David Wimbish, the lead singer of North Carolina’s seven-piece alt-pop outfit, The Collection, writes sad songs that feel happy. Their new single, “Blue Day,” is no different. Premiering today, the raw track evokes a sense of serenity with lofty vocals that eloquently deliver a timely reminder of kindness.
The Collection began as Wimbish’s solo project. With the deep-rooted North Carolina music community’s support, the project quickly evolved into a full-bodied performance group. Their songs stem from an awareness of their state’s folk roots and an appreciation of orchestral and world music.
The Collection’s first full-length, Ars Moriendi, set the tone, featuring 25 musicians throughout the album. The 13-track record grapples with questions of mortality and spirituality following their collective loss of friends and family. Two more releases mark the space between—2017’s Listen to the River and their most recent Entropy just a year later.
Just as The Collection began work on their fourth project, the pandemic entered, shifting the winds of their creative momentum. 2019 brought a consistent calendar of live performances, firming up the feel of their live shows.
“A lot of writing was coming out from physically being together, feeling the energy of having seven people on stage, which is really high,” says Wimbish. “Our songs began to fit into the category of what feels good on stage, echoing what we felt in our bodies.”
When the pandemic took the world by storm, it forcefully shifted The Collective’s focus. With band members spread across the state, writing from this intertwining energy was no longer an option. The songwriting approach became less about evoking a live performance and more about cutting through distance with music created for recording, reaching people where they are during this moment.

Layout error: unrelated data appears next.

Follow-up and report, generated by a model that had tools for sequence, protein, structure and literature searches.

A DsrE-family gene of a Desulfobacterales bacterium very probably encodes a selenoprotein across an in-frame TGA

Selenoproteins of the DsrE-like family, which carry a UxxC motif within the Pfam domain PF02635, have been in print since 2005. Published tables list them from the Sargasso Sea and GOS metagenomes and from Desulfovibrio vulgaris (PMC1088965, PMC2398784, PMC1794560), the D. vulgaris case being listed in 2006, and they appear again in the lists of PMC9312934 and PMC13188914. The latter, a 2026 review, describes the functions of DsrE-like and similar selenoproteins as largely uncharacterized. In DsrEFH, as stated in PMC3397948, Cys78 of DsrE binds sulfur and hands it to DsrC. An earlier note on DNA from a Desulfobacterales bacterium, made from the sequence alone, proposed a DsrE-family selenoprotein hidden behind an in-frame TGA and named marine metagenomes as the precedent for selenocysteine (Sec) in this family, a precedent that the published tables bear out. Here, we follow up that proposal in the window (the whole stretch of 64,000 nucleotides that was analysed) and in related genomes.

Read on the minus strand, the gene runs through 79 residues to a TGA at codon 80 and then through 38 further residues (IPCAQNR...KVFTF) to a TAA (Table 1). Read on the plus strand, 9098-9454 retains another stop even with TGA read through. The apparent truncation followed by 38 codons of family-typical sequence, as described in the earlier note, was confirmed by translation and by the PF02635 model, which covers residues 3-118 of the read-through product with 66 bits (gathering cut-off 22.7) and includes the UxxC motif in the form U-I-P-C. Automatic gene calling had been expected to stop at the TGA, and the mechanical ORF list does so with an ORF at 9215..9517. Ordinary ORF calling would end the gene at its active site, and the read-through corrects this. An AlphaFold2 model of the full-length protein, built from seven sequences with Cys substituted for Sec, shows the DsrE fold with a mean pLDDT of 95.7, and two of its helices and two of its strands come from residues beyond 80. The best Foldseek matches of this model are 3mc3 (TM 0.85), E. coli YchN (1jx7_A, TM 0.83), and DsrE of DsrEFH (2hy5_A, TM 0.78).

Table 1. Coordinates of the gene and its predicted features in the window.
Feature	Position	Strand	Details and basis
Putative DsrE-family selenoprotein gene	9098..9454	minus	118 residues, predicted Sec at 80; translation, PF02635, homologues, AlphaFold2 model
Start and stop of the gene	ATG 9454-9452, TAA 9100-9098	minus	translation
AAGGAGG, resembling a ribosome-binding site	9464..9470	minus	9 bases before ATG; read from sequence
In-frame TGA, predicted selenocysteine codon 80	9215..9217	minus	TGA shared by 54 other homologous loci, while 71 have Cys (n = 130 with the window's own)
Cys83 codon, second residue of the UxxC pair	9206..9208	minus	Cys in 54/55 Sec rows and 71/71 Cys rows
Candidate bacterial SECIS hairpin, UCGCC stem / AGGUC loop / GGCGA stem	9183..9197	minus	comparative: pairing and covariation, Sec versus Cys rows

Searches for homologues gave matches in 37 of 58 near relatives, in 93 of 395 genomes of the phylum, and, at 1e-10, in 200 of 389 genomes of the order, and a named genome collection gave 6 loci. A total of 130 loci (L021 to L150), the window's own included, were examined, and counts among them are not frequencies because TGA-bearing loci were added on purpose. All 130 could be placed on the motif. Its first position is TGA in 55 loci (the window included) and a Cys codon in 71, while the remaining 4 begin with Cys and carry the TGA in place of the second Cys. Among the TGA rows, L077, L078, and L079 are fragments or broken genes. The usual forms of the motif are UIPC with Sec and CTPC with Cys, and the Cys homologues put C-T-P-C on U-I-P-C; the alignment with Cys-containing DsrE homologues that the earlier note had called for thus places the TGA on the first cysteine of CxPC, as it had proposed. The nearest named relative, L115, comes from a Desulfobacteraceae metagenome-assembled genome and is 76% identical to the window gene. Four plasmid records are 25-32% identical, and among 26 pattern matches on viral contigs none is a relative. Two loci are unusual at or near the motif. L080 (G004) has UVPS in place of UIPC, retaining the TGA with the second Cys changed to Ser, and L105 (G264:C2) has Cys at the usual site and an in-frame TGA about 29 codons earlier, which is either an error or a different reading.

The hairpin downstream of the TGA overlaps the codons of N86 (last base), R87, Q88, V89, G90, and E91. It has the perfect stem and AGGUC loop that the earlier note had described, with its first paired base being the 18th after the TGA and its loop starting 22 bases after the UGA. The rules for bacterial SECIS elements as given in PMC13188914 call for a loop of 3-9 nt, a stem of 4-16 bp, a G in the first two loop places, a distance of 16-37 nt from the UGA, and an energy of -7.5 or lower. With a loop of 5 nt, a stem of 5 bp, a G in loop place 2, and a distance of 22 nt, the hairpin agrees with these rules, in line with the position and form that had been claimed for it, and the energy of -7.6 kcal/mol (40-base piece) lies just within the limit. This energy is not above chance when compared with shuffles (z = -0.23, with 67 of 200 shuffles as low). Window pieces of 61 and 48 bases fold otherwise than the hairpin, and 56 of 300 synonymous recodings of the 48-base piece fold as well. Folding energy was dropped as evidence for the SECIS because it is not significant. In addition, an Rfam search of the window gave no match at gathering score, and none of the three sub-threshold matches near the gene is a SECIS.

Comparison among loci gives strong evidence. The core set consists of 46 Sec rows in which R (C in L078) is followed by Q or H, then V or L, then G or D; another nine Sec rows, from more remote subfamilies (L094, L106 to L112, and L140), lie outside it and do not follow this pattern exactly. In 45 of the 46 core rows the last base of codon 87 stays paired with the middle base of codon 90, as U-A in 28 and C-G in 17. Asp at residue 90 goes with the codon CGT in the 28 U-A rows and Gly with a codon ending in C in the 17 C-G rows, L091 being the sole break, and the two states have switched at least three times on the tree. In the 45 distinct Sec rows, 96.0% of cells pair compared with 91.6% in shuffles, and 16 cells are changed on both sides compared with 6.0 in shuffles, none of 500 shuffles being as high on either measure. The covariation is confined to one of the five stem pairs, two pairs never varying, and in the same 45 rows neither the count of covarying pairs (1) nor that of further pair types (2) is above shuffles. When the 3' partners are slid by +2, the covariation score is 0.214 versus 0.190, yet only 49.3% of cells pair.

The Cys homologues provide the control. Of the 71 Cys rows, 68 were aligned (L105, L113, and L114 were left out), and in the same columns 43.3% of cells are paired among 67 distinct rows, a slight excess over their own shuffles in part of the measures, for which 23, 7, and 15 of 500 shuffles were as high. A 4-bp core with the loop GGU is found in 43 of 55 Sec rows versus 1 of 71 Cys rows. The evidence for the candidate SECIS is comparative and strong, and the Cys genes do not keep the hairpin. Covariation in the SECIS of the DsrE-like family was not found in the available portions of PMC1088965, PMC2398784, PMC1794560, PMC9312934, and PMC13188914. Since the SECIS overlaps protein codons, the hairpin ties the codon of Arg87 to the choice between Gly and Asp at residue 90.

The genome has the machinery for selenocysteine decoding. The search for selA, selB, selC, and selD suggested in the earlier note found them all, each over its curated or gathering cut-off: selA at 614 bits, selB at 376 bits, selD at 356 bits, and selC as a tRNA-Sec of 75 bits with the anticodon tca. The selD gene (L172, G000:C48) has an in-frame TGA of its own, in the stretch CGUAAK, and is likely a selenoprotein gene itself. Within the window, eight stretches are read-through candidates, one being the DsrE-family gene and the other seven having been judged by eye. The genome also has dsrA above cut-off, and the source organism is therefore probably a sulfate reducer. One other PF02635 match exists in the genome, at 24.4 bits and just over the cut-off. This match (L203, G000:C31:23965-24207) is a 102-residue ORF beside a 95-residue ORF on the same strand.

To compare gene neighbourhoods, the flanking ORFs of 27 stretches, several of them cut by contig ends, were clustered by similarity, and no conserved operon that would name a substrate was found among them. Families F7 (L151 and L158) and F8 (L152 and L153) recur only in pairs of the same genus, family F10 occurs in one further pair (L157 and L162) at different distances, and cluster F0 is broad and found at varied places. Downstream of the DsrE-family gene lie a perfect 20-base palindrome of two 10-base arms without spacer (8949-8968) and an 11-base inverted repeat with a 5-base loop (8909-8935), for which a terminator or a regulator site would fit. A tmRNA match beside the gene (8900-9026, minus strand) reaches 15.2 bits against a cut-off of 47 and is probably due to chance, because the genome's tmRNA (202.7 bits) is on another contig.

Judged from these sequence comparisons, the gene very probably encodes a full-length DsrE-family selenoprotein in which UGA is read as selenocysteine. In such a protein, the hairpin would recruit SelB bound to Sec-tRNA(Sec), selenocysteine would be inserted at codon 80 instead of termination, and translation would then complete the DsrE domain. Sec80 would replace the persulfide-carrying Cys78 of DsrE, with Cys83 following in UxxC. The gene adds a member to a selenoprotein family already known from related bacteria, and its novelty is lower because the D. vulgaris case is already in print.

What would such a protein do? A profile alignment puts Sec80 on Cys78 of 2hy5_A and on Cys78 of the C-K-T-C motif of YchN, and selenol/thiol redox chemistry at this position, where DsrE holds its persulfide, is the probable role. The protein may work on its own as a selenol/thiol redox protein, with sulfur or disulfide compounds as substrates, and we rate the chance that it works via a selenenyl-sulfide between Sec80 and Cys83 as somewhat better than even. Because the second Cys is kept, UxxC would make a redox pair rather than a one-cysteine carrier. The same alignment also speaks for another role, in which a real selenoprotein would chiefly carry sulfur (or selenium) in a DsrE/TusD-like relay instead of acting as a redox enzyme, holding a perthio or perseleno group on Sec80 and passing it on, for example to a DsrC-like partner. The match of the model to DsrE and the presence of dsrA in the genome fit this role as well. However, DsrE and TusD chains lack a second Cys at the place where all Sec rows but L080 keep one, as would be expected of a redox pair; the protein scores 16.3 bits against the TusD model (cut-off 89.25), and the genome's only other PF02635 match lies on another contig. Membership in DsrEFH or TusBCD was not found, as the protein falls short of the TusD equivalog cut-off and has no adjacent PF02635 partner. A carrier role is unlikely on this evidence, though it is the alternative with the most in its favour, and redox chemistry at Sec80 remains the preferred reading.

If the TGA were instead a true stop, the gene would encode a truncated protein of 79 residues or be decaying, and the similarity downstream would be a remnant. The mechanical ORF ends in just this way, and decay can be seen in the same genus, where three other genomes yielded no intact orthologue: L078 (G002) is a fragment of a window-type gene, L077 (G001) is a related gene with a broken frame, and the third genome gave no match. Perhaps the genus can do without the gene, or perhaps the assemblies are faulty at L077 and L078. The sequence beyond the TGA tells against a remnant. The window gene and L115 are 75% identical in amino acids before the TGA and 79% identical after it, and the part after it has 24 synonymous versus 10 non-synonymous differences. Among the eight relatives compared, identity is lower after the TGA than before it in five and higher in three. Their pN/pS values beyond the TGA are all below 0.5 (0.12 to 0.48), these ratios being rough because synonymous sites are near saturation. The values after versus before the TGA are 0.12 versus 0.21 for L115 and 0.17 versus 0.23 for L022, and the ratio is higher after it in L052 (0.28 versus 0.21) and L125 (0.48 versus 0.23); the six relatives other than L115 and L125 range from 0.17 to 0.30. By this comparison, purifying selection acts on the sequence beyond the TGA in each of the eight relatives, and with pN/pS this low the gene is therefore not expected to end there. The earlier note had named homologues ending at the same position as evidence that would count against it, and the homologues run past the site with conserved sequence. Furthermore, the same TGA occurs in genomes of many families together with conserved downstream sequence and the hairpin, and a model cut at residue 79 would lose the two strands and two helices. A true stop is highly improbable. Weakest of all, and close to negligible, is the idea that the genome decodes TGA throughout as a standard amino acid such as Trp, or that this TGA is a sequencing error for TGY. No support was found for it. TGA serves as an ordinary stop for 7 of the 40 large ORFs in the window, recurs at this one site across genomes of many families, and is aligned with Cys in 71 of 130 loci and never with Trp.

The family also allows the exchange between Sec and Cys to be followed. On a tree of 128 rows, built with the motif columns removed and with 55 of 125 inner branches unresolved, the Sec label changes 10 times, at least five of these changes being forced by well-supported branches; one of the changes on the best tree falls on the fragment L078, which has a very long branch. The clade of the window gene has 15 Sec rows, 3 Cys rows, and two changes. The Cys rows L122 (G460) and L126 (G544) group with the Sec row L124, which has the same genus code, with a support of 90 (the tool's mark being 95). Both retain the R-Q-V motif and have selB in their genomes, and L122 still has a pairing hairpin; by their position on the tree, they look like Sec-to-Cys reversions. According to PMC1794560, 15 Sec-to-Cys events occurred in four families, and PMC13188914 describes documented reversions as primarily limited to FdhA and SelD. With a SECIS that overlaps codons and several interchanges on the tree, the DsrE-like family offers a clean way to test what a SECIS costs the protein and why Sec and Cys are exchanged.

“I’ve been thinking a lot about music that had influenced me when I was younger, fifteen or sixteen,” Wimbish explains. “So I wanted to make a record that during hard times, like these, seem like they were intended to be kind.”
Sitting on his porch one day, the lyrics spilled out in what the songwriter describes as a “rare event.” Over ten minutes, Wimbish composed a stripped-down song that matches the band’s melody-driven musical approach.
Wimbish and the band worked within the confines of COVID-19 recording set-up with producer Stephen Price (Charlie Hunter, Chad Lawson) at his High Point, North Carolina studio. With the help of Hayden Cooke’s bass guitar, Sarah McCoy’s keys, and their combined effort with harmony and vocals, “Blue Day” taps into the complexity of human emotion.
“I had just moved onto this beautiful piece of property around nature and cows, I had a supportive partner, the band was making progress—so much of life was going the way I wanted,” he explains. “But I would still wake up some days and feel totally tanked and not myself. Even if things are going well, you sometimes still can’t tap into the joy.”
The lyrics detail this conundrum throughout a gentle soundscape. It ain’t too different / It’s a really skinny line / Between feeling distant and feeling so sublime, Wimbish sings with melancholic jubilee.
“I want people to feel the freedom to be kind to themselves,” Wimbish describes of his intentions. “I’ve heard so many people saying ‘I don’t want to be watching so much TV’ or ‘this is not the optimal me.’ I’m trying to remind them and myself, going through the worst year in decades, give yourself a break.”